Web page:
Biden’s school plan doubles down on same old failure
As the coronavirus pandemic begins to recede and public schools reopen, U.S. Education Secretary Miguel Cardona boldly promises to “reimagine learning to make sure that we don’t go back to a system that had the same inequities that existed before the pandemic.” He is correct about the problems in public education systems — achievement has been stagnant for decades and achievement gaps between groups of students have been stubbornly persistent since the 1970s. Yet Cardona’s remedies increase taxpayer costs and double down on old failures.
Certainly, public schools have enough money to “reimagine learning.” The Department of Education indicates that as of Feb. 28, no state had spent more than 26 percent of the $67.5 billion in COVID-19-related K-12 public education money Congress provided in 2020. Even so, last month Congress followed up with an additional $123 billion rescue plan for schools.
Unfortunately, this new cash promises more of the same of everything: more summer school, more counselors, more school nutritionists, smaller class sizes, and more programs for socio-emotional learning and other fads, funded within an alphabet soup of existing bureaucratic programs.
Before committing billions of dollars more to a failed model, the Biden administration and Congress should have consulted history. In the early days of public education, schools were small organizations controlled by and accountable to their local communities. Most principals still taught courses and, together with teachers and families, handled all of a child’s needs.
Then in the early 20th century, progressive school reformers embraced bureaucracy and scientific management, which represented the best of 1910 business thinking. To “professionalize” schooling, small, academically-oriented schools often run by women were merged into or replaced by large bureaucratic schools where male managers (principals) disproportionately bossed around female workers (teachers).
By its nature, bureaucracy means complexity. Progressive reformers brought industrial division of labor to education, turning schools into factories. Since the mid-20th century, and reinforced by federal law and funding streams, new schooling professions have evolved. The resulting division of labor often divides a single child in multiple ways between a teacher, a social worker, a counselor, a special education teacher, and an English as a Second Language teacher, with no one professional seeing the whole child.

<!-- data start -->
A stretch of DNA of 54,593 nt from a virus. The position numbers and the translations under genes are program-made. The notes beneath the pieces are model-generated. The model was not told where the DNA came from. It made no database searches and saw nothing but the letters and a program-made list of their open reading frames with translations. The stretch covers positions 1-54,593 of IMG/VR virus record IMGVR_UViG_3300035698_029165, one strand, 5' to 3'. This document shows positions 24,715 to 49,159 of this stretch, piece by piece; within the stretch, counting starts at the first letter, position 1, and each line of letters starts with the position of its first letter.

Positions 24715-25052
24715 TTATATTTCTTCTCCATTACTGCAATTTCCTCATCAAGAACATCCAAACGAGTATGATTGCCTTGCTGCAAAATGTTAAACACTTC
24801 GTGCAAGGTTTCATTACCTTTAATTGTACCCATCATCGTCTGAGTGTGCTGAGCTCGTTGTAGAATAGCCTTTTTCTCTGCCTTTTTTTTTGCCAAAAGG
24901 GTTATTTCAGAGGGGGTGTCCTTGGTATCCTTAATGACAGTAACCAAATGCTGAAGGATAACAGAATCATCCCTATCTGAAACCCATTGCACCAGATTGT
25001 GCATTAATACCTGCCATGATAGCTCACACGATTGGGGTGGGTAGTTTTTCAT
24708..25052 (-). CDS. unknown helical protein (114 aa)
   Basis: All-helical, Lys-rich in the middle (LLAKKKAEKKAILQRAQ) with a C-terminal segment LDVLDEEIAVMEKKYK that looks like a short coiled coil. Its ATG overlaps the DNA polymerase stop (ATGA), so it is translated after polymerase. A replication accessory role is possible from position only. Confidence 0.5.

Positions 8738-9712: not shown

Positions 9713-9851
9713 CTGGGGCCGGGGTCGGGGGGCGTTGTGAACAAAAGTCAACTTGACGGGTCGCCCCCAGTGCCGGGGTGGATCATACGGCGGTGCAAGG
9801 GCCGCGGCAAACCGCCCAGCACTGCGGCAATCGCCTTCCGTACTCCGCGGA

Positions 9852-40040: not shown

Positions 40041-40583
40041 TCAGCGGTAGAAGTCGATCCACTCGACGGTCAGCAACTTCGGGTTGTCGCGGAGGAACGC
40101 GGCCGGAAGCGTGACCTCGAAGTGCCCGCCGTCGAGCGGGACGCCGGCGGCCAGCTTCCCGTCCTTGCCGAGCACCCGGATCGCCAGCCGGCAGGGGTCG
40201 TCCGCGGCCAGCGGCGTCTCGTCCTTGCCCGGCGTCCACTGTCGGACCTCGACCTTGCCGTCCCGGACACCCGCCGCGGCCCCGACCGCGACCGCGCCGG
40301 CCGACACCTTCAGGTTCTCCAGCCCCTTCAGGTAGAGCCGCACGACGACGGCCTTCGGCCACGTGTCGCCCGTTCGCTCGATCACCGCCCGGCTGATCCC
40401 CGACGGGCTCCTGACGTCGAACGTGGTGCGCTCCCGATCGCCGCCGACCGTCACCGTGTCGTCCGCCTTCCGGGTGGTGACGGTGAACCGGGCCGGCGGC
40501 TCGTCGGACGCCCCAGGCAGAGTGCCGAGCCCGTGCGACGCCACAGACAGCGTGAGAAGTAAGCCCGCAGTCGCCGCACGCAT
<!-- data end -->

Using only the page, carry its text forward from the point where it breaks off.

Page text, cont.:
Bureaucratization ballooned school staff. From 1990 to 2018, as one of us documents in “Back to the Staffing Surge” in EdChoice, while the number of public school students rose 23 percent, teachers increased by 32 percent, other school staff by 60 percent, and administrators to manage everyone else skyrocketed by 81 percent. Going farther back in time, from 1950 to 2006, the ratio of students to staff fell from 19.3 students per staffer to a mere 8 to 1 (see “President Obama and Education Reform”).
All this bureaucracy has had at least two negative effects. First, public school spending soared while teacher pay stagnated, leading teachers to seek advancement into the bureaucracy, where they get paid to boss around other teachers. Both economically and psychologically, bureaucracy has devalued teaching. Second, with all those staff members, public schools feel more bureaucratic and less personal, and teachers are doing more paperwork and meetings with other grownups and less mentoring of students and parents.
Yet educators such as Secretary Cardona, for all their good intentions, are too much a part of modern school bureaucracies to see the forest for the trees, too much a part of the system to fix it.
Their federalized solution of more staffing and more bureaucracy has not worked. Spending more money to increase bureaucracy/paperwork/meetings has kept teacher pay stagnant and failed students for decades. Instead, states should follow the leads of Arizona, Florida and now West Virginia and let parents make decisions to find the best educational settings for their children through more school choice. Even without these state programs, more families were choosing homeschooling or small, low-cost hybrid homeschools — even before the pandemic began.
States should use their own money to replicate successful scholarship programs for a future where families have more say in their children’s education and stop creating a more expensive version of the past that left too many children behind.
Robert Maranto is the 21st Century Chair in Leadership in the Department of Education Reform at the University of Arkansas, and from 2015-20 served on his local school board.
Ben Scafidi is the director of the Education Economics Center at Kennesaw State University.